Cowley factory sets pattern for Rover
A revolution in working practices by Rover workers at Cowley will be the price of survival for the giant Longbridge plant in Birmingham. That’s the simple message to the Midlands as the car giant announced it was to shed 2,400 jobs in Britain.
BMW, Rover’s owner, wants sweeping changes in the way the ageing Birming- ham plant operates. The company says Rover’s overall productivity is only two-thirds of its German counterparts and needs to cut costs by £150m every year for three years. But the Cowley plant, which is building the newly unveiled Rover 75 model, is being held up as the way forward. BMW has pumped in £400m to produce the new saloon, which goes on sale next March and secures the future of the Oxford site, which has the potential to build 250,000 cars a year. The launch of the car will create 1,000 jobs at Cowley and up to 5,000 more among suppliers.
The Rover 75 is just the first of a range of new models to be built at Cowley. Some reports suggest the new Mini, due to be launched in 2000, could come to Oxford if Longbridge closes. A crucial element in BMW agreeing to the massive investment at the Cowley factory – now renamed Rover Oxford – was the introduction of a comprehensive new flexible working agreement covering hours, overtime and holidays.
Rover Group deputy chairman Tony Rose said: “There has been quite outstanding co-operation from trade unions, employee representatives and associates to make this probably the best new car introduction yet achieved.” And Oxford East MP and Employment Minister Andrew Smith said the successful completion of the new model was due laregly to the co-operation Rover had received from trade unions.
Meanwhile, Trade and Industry Secretary Peter Mandelson was meeting the chairmen of Rover and BMW today, but has already made it clear Rover’s future lies in its own hands, not in Government aid. He said: “Ultimately it is for the company to rise to the challenge and ensure that Rover continues to thrive in the global marketplace. Without question, everyone will have to share in the burden of finding this solution – shareholders, management, workforce and suppliers.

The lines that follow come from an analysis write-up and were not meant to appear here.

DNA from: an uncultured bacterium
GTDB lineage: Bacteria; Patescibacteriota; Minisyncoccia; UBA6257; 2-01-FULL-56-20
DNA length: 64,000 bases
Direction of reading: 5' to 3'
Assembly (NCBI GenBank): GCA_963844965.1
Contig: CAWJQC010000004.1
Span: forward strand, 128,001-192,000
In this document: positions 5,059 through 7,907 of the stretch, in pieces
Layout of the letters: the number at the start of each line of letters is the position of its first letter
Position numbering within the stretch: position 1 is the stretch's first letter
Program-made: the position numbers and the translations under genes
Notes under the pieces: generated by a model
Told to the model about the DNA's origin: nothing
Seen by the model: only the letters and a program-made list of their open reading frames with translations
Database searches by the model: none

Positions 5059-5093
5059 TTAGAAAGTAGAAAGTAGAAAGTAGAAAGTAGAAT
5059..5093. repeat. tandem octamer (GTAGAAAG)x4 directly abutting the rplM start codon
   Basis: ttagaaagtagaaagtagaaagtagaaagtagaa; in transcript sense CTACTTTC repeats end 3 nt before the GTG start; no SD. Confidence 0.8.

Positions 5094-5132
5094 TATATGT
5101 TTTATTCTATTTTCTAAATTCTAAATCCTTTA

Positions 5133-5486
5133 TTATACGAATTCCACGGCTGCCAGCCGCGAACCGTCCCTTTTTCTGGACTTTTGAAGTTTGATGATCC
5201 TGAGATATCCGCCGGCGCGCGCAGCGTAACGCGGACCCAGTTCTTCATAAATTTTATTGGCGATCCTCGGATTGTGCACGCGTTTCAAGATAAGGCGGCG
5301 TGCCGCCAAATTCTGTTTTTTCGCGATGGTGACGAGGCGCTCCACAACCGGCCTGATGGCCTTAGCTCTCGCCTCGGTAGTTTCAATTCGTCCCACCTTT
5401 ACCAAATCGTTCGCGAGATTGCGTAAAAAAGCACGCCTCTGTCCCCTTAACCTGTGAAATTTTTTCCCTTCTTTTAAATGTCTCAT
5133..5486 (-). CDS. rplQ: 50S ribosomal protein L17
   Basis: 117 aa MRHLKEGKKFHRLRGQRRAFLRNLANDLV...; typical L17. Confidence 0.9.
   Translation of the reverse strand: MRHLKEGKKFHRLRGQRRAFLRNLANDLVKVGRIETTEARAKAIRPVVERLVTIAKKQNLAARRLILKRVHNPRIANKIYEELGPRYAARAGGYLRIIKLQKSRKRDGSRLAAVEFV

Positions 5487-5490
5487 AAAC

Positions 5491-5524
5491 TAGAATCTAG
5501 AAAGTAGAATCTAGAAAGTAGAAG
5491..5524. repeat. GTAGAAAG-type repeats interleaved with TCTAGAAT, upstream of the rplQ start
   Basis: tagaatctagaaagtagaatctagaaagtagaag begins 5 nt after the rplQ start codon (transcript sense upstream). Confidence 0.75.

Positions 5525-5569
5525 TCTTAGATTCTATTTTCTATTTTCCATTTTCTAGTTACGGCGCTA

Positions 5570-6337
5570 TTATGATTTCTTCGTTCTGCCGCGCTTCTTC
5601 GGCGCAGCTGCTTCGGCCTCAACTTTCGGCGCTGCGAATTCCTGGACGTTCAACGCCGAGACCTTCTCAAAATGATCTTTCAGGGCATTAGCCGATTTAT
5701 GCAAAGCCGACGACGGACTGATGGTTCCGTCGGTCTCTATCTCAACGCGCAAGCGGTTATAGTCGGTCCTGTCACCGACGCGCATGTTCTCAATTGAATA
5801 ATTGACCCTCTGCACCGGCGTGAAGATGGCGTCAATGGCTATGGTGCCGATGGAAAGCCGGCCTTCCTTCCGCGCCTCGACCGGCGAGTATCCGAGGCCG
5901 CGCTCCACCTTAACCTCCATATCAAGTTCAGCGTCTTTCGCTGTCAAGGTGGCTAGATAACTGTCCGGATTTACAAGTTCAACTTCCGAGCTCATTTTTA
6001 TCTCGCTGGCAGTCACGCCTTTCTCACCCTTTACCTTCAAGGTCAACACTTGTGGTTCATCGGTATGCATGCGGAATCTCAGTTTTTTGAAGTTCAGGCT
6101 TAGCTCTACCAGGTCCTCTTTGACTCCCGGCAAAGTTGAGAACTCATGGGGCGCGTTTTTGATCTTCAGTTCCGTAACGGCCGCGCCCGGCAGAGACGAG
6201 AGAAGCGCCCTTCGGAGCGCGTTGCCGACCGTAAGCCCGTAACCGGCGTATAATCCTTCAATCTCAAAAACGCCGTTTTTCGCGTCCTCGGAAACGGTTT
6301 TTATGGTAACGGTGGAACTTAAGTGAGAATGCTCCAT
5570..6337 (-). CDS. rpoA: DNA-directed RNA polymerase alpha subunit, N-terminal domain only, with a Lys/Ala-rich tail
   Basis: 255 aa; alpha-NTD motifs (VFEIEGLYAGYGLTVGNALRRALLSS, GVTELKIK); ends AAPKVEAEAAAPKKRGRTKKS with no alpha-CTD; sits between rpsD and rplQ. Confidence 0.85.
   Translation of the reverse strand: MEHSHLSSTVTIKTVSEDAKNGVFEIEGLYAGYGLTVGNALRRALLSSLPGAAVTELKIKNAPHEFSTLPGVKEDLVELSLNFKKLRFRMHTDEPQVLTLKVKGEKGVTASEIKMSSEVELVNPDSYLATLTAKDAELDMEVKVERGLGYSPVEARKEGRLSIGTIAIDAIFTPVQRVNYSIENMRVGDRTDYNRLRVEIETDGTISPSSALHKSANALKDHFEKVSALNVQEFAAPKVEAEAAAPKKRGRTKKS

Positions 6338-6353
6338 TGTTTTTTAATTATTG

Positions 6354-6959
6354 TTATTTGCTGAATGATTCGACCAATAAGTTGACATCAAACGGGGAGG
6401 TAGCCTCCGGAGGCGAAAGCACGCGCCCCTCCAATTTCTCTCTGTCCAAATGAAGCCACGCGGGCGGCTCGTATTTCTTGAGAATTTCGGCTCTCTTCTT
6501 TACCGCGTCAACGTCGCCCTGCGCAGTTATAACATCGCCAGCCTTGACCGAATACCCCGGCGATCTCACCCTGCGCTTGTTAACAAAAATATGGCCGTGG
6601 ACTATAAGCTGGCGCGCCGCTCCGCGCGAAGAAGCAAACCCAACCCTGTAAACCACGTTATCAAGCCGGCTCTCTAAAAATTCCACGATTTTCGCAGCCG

“The company and its workforce need to focus very clearly on the changes required to bring about the raised performance it needs in order to be commercially successful.”
Is the Editor of the Parkers website and price guide, formerly editor of Classic Car Weekly, and launch editor/creator of Modern Classics magazine. Has contributed to various motoring titles including Octane, Practical Classics, Evo, Honest John, CAR magazine, Autocar, Pistonheads, Diesel Car, Practical Performance Car, Performance French Car, Car Mechanics, Jaguar World Monthly, MG Enthusiast, Modern MINI, Practical Classics, Fifth Gear Website, Radio 4, and the the Motoring Independent...
Likes 'conditionally challenged' motors and taking them on unfeasible adventures all across Europe.
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